Exposure to temperatures below that to which palms are acclimated will cause injury. Palms differ greatly with respect to their cold tolerance, both within and among species. Within a species, susceptibility to cold injury is reduced by gradually acclimating palms to cooler temperatures. Temperatures of 50oF or lower can injure some tropical palms (Figure 6), while some temperate species can withstand subfreezing temperatures with no injury. Palms stressed by cold temperatures are very susceptible to secondary bud rot (Figure 5) and may later show signs of micronutrient deficiencies, such as Mn, due to lower root activity at cooler temperatures (Figure 6).

Figure 5. 

Secondary bud rot on Hyophorbe verschafeltii following severe freeze.


Credit: T.K. Broschat
[Click thumbnail to enlarge.]

Figure 6. 

Chilling injury on Geonoma sp. caused by temperatures below 10oC.


Credit: T.K. Broschat
[Click thumbnail to enlarge.]

Figure 7. 

Micronutrient deficiency symptoms (probably B and/or Mn deficiencies) induced by cold temperatures in Cocos nucifera.


Credit: T.K. Broschat
[Click thumbnail to enlarge.]

Damage caused by hard freezes will affect all parts of a palm and all susceptible palms within an area, whereas damage caused by a frost will likely be spotty in distribution and may affect only exposed parts of individual palms.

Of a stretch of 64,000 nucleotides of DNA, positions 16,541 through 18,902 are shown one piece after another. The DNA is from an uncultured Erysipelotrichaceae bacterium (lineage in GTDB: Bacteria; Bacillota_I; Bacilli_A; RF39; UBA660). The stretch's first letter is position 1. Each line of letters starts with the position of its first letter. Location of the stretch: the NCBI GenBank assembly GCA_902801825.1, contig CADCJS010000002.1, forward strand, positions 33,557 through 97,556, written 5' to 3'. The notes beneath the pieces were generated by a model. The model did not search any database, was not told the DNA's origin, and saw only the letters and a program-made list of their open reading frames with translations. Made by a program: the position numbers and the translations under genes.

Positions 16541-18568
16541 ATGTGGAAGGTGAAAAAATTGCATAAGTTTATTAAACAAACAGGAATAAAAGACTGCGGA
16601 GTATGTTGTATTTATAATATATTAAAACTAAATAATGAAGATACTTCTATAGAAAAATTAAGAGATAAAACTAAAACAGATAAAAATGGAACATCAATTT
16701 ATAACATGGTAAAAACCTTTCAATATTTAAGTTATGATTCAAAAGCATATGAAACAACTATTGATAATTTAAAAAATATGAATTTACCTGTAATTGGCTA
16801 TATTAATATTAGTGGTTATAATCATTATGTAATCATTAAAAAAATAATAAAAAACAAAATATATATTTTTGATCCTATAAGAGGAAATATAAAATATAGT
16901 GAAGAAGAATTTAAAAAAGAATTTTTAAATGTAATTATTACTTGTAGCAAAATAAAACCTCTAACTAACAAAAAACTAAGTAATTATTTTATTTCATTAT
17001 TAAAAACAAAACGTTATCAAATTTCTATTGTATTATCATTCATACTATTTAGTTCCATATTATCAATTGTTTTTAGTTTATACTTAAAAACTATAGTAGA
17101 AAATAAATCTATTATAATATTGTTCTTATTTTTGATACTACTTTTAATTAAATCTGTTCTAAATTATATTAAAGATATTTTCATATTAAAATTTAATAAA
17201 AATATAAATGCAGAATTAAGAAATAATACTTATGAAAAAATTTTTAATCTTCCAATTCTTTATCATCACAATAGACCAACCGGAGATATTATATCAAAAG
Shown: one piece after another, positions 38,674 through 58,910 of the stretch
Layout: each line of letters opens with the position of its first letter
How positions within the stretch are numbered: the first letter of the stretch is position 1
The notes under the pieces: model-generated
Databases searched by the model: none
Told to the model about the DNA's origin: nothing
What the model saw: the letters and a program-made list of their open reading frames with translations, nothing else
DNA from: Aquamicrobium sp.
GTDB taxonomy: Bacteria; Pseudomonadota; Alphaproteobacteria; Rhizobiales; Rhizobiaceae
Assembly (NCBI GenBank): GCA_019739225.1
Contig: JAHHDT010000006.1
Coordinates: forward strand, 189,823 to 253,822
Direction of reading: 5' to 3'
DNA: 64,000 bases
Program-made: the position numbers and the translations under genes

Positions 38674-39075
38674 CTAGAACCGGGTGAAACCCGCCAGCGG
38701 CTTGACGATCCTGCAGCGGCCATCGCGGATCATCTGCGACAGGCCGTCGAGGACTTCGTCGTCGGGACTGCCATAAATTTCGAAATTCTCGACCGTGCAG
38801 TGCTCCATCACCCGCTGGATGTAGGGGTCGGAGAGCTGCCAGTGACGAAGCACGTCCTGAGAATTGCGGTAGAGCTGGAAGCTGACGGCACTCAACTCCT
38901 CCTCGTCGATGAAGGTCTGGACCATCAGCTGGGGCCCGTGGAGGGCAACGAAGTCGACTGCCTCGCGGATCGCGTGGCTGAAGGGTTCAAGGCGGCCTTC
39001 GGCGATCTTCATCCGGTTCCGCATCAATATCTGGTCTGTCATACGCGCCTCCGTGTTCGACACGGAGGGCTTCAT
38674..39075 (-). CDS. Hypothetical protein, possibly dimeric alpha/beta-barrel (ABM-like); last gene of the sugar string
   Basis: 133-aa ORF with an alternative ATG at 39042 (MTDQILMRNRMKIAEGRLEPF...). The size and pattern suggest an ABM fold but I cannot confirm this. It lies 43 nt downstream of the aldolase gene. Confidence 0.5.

Occurrence

All species of palms are susceptible to cold temperature, but the temperature at which injury will occur is dependent on the species and the extent of its cold acclimation.

Diagnostic Techniques

Symptomology plus knowledge of temperatures to which palms may have been exposed are sufficient for diagnosis of cold damage.

Management

Grow only palms that are adapted to your climate. Small, valuable palms can be covered during occasional freezes. Palms in containers can be moved indoors for protection during cold weather. Flooding of palm field nurseries can help prevent freeze damage. Running overhead irrigation continuously, starting before the temperature drops below freezing and ending only after the temperature is above freezing, is a good alternative for both container and field grown palms. Research has shown that cold hardiness in Cocos nucifera in the landscape or field nursery is enhanced by proper fertilization. Since death of the palm is often caused by secondary bud rots, rather than the cold temperature itself, treatment for bud rot may improve the chances for palm survival. Suggested post-freeze treatments include removing rotted spear leaves to allow the bud area to dry out and drenching the bud with a copper-containing fungicide. Do not remove any foliage that is not completely necrotic. To prevent transient Mn deficiency, apply manganese sulfate in the fall to the soil.

Selected References